Vatican sacked Cebu priest months ahead of ivory scandal, says church exec
Ivory priest probed in US sex abuse caseBy Connie E. Fernandez
CEBU CITY—Msgr. Cristobal Garcia has been suspended and stripped of all his positions in the Archdiocese of Cebu on orders of the Vatican while the Holy See investigates the child abuse case that stemmed from accusations that he molested altar boys more than 20 years ago in the United States.
Msgr. Achilles Dakay, Cebu archdiocese media liaison officer, said Garcia’s suspension happened months before the monsignor was implicated by a National Geographic article on the illegal trade of ivory in the Philippines.
Dakay’s announcement came after the Department of Environment and Natural Resources said that Garcia could face up to four years in prison unless he could show proof that he legally acquired his huge collection of religious icons made of ivory.
The National Bureau of Investigation said it was gathering evidence against those involved in the illegal sale of ivory, which an environmentalist lawyer calls the “new blood diamond” in the international trade.
NatGeo said the demand for ivory in the Philippines has resulted in thousands of deaths of African elephants.
Dakay said Garcia was suspended by Cebu Archbishop Jose Palma in June on instructions of the Vatican because of the ongoing investigation of the child abuse case filed against him.
As part of the penalties, Garcia is not allowed to say Mass in public and hear confessions, and has been stripped of his positions in the archdiocese, including his chairmanship of the committee on worship.
Palma, president of the Catholic Bishops’ Conference of the Philippines, had informed Garcia about his suspension, which might have affected the latter’s health, Dakay said.
Garcia, a diabetic and hypertensive, is on sick leave. He was confined at a private hospital in Manila. Before that, he had been staying with a sibling in Manila while he sought medical treatment.
At a news conference at the Archbishop’s Palace here on Wednesday morning, Palma confirmed Dakay’s statement that Garcia had been removed from his positions in the archdiocese.
“You might notice you have not seen Monsignor Cris since June because he’s out of Cebu,” Palma said. “He is no longer connected with any of the post he occupied before.”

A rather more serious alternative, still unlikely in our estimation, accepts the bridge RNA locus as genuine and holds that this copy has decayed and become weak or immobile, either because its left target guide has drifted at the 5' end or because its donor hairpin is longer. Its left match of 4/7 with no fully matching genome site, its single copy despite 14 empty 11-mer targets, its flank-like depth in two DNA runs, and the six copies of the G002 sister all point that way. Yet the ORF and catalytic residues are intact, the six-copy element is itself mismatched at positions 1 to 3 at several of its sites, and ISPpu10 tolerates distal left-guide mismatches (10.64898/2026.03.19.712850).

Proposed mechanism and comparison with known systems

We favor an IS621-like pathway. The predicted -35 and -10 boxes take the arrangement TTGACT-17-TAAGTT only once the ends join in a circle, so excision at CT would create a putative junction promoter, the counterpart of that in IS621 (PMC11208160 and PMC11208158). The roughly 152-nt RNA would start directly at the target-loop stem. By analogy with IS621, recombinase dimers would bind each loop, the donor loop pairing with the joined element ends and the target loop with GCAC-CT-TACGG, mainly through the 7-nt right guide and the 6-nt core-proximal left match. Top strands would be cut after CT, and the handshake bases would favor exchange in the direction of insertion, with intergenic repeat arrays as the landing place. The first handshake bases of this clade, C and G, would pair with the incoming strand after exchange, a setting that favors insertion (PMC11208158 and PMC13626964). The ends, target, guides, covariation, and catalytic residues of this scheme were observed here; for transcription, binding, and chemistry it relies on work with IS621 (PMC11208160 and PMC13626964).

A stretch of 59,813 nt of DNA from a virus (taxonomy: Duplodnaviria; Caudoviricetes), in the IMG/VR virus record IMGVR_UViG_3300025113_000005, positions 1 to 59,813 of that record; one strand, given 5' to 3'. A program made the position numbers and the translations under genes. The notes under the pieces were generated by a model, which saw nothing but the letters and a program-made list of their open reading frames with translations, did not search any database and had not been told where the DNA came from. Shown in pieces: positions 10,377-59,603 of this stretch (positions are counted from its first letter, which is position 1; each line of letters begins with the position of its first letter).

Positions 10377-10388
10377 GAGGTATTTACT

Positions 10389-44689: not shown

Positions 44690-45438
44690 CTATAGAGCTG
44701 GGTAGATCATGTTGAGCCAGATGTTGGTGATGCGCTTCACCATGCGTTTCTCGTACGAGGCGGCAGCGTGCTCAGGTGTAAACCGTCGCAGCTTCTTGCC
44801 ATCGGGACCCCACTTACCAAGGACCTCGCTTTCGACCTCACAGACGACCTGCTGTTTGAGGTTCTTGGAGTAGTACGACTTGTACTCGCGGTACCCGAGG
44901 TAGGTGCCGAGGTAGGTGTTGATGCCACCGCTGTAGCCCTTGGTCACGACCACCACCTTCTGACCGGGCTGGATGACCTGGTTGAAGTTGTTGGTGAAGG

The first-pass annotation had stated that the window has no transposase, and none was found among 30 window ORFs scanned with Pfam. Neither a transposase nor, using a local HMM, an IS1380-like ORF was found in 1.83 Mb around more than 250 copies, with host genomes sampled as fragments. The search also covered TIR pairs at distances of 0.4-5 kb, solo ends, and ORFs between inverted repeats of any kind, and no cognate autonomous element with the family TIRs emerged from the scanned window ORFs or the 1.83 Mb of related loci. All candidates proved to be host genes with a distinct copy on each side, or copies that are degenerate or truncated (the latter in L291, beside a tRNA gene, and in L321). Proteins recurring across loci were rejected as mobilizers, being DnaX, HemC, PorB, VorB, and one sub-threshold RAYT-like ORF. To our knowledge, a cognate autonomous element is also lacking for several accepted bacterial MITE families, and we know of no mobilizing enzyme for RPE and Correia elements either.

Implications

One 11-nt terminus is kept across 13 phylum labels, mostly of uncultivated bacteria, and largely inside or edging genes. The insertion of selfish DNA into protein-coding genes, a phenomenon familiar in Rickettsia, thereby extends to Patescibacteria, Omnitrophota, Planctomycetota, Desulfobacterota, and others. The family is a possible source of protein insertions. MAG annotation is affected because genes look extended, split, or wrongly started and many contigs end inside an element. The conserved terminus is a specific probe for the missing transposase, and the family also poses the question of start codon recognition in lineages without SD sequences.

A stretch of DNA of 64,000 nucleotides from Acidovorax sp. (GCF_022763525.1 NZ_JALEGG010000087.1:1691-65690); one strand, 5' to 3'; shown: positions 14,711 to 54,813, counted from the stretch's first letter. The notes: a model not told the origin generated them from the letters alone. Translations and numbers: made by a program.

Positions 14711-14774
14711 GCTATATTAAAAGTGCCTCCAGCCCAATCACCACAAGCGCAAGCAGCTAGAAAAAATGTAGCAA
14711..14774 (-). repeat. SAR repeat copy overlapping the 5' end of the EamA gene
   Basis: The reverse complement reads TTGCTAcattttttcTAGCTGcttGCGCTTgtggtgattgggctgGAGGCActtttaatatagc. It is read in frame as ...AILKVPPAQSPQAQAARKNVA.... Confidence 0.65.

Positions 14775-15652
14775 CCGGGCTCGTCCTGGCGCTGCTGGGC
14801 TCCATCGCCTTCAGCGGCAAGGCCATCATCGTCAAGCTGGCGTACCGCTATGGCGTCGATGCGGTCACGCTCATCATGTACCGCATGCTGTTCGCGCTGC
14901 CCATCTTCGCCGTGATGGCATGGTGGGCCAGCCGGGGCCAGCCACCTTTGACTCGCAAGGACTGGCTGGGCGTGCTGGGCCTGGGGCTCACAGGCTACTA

Palma said the investigation of Garcia’s child abuse case came long before the monsignor was embroiled in the controversy involving ivory trade.
“With regard to the matter of Monsignor Garcia’s past, the case has been elevated to the Holy See and it has initiated the investigation into it long before the present controversy erupted,” Palma said in a prepared statement.
“I have also fulfilled the Holy See’s instructions regarding the submission of documents and acting upon related consequences,” he added.
Garcia was a Dominican priest working in the Archdiocese of Los Angeles in the 1980s when he was accused of child abuse.
He was later expelled after a nun reported to the police that an altar boy had been found in his bed in a Los Angeles rectory.
An article by The Los Angeles Times reported that Garcia was accused of molesting two youths in 1980 and 1984.
In a Dallas Morning News interview, Garcia was quoted as saying that he did have sex with the two altar boys but claimed that he was the one who was “seduced and raped.” His accusers, however, found his claims absurd.
Rosales brought him back
Garcia also claimed that his reputation had been tarnished because of his family’s wealth and that a cardinal had given him clemency after a review of a psychological report on him and materials from the Dominicans.
Dakay told the Philippine Daily Inquirer that what he knew was that Garcia was the last priest ordained by Cebu Archbishop Julio Cardinal Rosales before he died in the 1980s.
After Garcia was expelled by the Dominican Order, Dakay said Rosales brought him back to his hometown in Cebu and took him in the archdiocese as a diocesan priest.
But Dakay said Garcia could no longer go back to the United States after his conviction in the civil aspect of the case. He, however, didn’t know if Garcia was ordered to pay damages.
Garcia made monsignor
It was during the time of Cebu Archbishop Ricardo Cardinal Vidal, Rosales’ successor, that Garcia was named monsignor.